The St. Louis Branch of the National Electrical Contractors Association.
At the time of trial, Local 36 had a nonexclusive referral system which permitted anyone, including nonmembers, looking for work in the sheet metal trade to use the Local's hiring hall. Applicants were required to sign an out-of-work card which was stamped with the date and time it was signed. Applicants were then placed on an out-of-work list in the order stamped on the card. When a contractor called the Local's hiring hall for a craftsman, the top man on the list possessing special skill for a particular job was referred regardless of whether or not he was a Local member. All persons employed by a contractor were required to become members of the Local — a requirement Negroes were not permitted to meet prior to July 2, 1965 — within eight days after employment. No Negroes were referred for employment prior to trial.
In 1966, Local 36 negotiated a new exclusive referral system, similar to that of Local 1, to be effective January 1, 1968. It established four priority employment groups. To qualify for Group I, an applicant must be a resident, have four years construction experience — one of which must be under the collective bargaining agreement — and pass an examination given by a Local of the Sheet Metal Workers' International Association or by the Joint Committee. To be eligible for Group II, an applicant must have four years of construction experience and pass a similar examination. To be eligible for Group III, an applicant must have one year's construction experience. To be eligible for Group IV, the applicant must be a high school graduate or a college student. The latter category is used from June through September.
It is clear that Local 1's referral system was operated on a discriminatory (exclusionary) basis prior to 1966. Negroes were barred from using the hiring hall, they were denied the right to take a journeyman's examination, and they were prohibited from joining the Local. As a result of these discriminatory practices, they were unable to gain experience under the collective bargaining agreement. Furthermore, it was very difficult for them to gain experience elsewhere in the electrical construction industry because Local 1 controlled most of the work.
Local 1 contends that it now accepts Negroes into membership. It has accepted two (both were formerly members of a nonconstruction division of the Local). It contends that it now permits Negroes to take a journeyman's examination. It has permitted two. It contends that Negroes are now permitted to use the facilities of the hiring hall. Two have used it. The Local has also organized two Negro contractors (who had previously sought and have been denied membership) with fourteen Negro employees. Their employees have been accepted as members, and presumably will be permitted to use the facilities of the hiring hall. Even if it is assumed that Negroes have been permitted since the passage of the Act to take a journeyman's examination, to join the Local and to use the hiring hall, the highest priority group in which a Negro can expect to be placed if he takes and passes a journeyman's examination and joins the Local is Group IV. Under the collective bargaining agreement, he would still lack the experience required for a higher classification. Furthermore, he would have to have at least one year of experience to be placed in Group IV. It is clear that employment opportunities for persons in Group IV, or the lower unnumbered group, are substantially less than for persons in the higher groups. Indeed, the referral system was established to assist in preserving work opportunities for those who had worked in the trade for a union contractor over a period of time. It also follows, however, that Negroes qualified to do the work customarily performed by a journeyman electrician are deprived of an opportunity to be placed in a priority group in which they would have a reasonable opportunity to make a living. And they are so deprived because they were denied the opportunity to gain experience under the collective bargaining agreement or in the industry before the Act was passed.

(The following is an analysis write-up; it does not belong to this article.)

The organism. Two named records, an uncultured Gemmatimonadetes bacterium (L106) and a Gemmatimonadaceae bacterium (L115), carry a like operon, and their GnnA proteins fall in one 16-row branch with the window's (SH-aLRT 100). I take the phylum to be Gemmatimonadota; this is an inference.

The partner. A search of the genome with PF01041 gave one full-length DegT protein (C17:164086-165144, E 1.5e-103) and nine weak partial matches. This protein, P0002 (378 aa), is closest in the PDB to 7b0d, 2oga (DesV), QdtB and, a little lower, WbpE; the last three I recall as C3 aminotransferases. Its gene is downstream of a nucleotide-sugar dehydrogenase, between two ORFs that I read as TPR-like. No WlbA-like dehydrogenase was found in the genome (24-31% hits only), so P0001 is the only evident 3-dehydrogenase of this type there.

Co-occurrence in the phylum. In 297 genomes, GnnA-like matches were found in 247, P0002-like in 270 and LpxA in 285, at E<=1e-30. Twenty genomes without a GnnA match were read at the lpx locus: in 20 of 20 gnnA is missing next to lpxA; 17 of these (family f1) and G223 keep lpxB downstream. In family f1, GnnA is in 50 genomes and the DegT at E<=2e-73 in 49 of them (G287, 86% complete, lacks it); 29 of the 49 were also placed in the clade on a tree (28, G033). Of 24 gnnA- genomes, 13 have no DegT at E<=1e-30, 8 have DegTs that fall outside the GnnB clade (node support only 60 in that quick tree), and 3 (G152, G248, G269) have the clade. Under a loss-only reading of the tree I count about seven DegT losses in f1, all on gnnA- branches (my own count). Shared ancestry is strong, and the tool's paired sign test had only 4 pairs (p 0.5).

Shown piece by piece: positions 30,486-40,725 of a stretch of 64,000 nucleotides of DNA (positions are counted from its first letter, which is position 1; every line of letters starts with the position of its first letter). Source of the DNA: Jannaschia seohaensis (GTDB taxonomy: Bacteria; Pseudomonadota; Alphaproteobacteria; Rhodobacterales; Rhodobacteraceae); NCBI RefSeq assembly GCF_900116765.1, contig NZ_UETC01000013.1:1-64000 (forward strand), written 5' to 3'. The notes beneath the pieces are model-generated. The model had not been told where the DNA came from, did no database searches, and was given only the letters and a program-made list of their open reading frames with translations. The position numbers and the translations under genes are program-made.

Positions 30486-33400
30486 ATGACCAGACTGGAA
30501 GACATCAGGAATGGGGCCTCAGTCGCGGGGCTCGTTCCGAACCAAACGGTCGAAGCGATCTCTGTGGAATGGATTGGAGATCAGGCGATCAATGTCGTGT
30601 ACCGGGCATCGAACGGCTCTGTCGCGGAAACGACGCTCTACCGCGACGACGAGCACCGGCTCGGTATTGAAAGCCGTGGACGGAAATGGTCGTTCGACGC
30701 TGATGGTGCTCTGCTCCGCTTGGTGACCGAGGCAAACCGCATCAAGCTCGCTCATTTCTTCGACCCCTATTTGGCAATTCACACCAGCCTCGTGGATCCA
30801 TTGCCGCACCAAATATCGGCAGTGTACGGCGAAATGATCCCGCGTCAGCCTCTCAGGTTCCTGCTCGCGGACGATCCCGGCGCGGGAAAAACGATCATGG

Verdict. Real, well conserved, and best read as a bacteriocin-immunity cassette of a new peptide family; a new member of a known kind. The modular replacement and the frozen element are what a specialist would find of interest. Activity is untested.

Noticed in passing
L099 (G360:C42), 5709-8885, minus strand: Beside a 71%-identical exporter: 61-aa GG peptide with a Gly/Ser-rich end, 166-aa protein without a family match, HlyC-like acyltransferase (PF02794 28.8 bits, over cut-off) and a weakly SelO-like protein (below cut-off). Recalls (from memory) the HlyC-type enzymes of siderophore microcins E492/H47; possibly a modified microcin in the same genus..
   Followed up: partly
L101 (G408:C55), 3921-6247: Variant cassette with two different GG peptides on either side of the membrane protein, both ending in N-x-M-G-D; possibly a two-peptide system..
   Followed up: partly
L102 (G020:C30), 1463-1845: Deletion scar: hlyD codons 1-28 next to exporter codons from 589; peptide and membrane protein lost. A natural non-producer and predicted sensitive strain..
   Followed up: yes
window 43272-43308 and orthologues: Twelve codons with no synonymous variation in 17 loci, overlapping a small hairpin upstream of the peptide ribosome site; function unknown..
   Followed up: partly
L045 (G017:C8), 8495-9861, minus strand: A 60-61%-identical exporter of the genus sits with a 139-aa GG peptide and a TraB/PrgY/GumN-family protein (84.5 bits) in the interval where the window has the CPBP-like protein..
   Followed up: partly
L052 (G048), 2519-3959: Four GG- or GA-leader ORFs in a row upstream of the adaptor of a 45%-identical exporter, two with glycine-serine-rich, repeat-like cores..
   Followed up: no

Frank Witt, one of the Negro contractors, testified that a union representative told him that "it was about time the organization was going to move to get a Negro into the organization and that I had the first shot."
It is equally clear that Local 36 did not permit Negroes to take a journeyman's examination, to join the Local, or to use its hiring hall prior to 1967. The Local built the discriminatory practices into its employment referral system by negotiating a new system of referring persons for employment by priority groups, and by giving preference to those who had an opportunity to gain experience under the collective bargaining agreement and in the industry prior to its effective date.
In our view, neither Local can be permitted to continue to operate its employment referral systems without change. Both plans effectively operate to deprive qualified Negroes of an equal opportunity for employment as journeymen electricians or as sheet metal workers. Because the plans carry forward the effects of former discriminatory practices, they result in present and future discrimination and are violative of Title VII of the Act.
Local 189, United Papermakers and Paperworkers, AFL-CIO, United Papermakers and Paperworkers, AFL-CIO, CLC; and Crown Zellerbach Corporation v. United States of America, 416 F.2d 980 (5th Cir. July 28, 1969), aff'g, United States by Clark v. Local 189, United Papermakers and Paperworkers, 282 F. Supp. 39 (D.C.La. 1968); Local 53 of Int. Ass'n of Heat Frost I.A. Wkrs. v. Vogler, 407 F.2d 1047 (5th Cir. 1969), aff'g Vogler v. McCarty, Inc., 294 F. Supp. 368 (E.D.La. 1968); N.L.R.B. v. Local 269, Internat'l Bro. of Electrical Wkrs., 357 F.2d 51 (3rd Cir. 1966); Dobbins v. Local 212, International Bro. of Elec. Wkrs., 292 F. Supp. 413 (S.D. Ohio 1968); Quarles v. Philip Morris, Incorporated, 279 F. Supp. 505 (E.D.Va. 1968). Contra, Griggs v. Duke Power Company, 292 F. Supp. 243 (M.D.N.C. 1968); U.S. v. International Brotherhood of Electrical Workers, Local 39, 71 L.R.R.M. 2087 (1969); U.S. v. International Brotherhood of Electrical Workers, Local 38, 70 L.R.R.M. 3019 (1969). The Dobbins Court, at 445, said: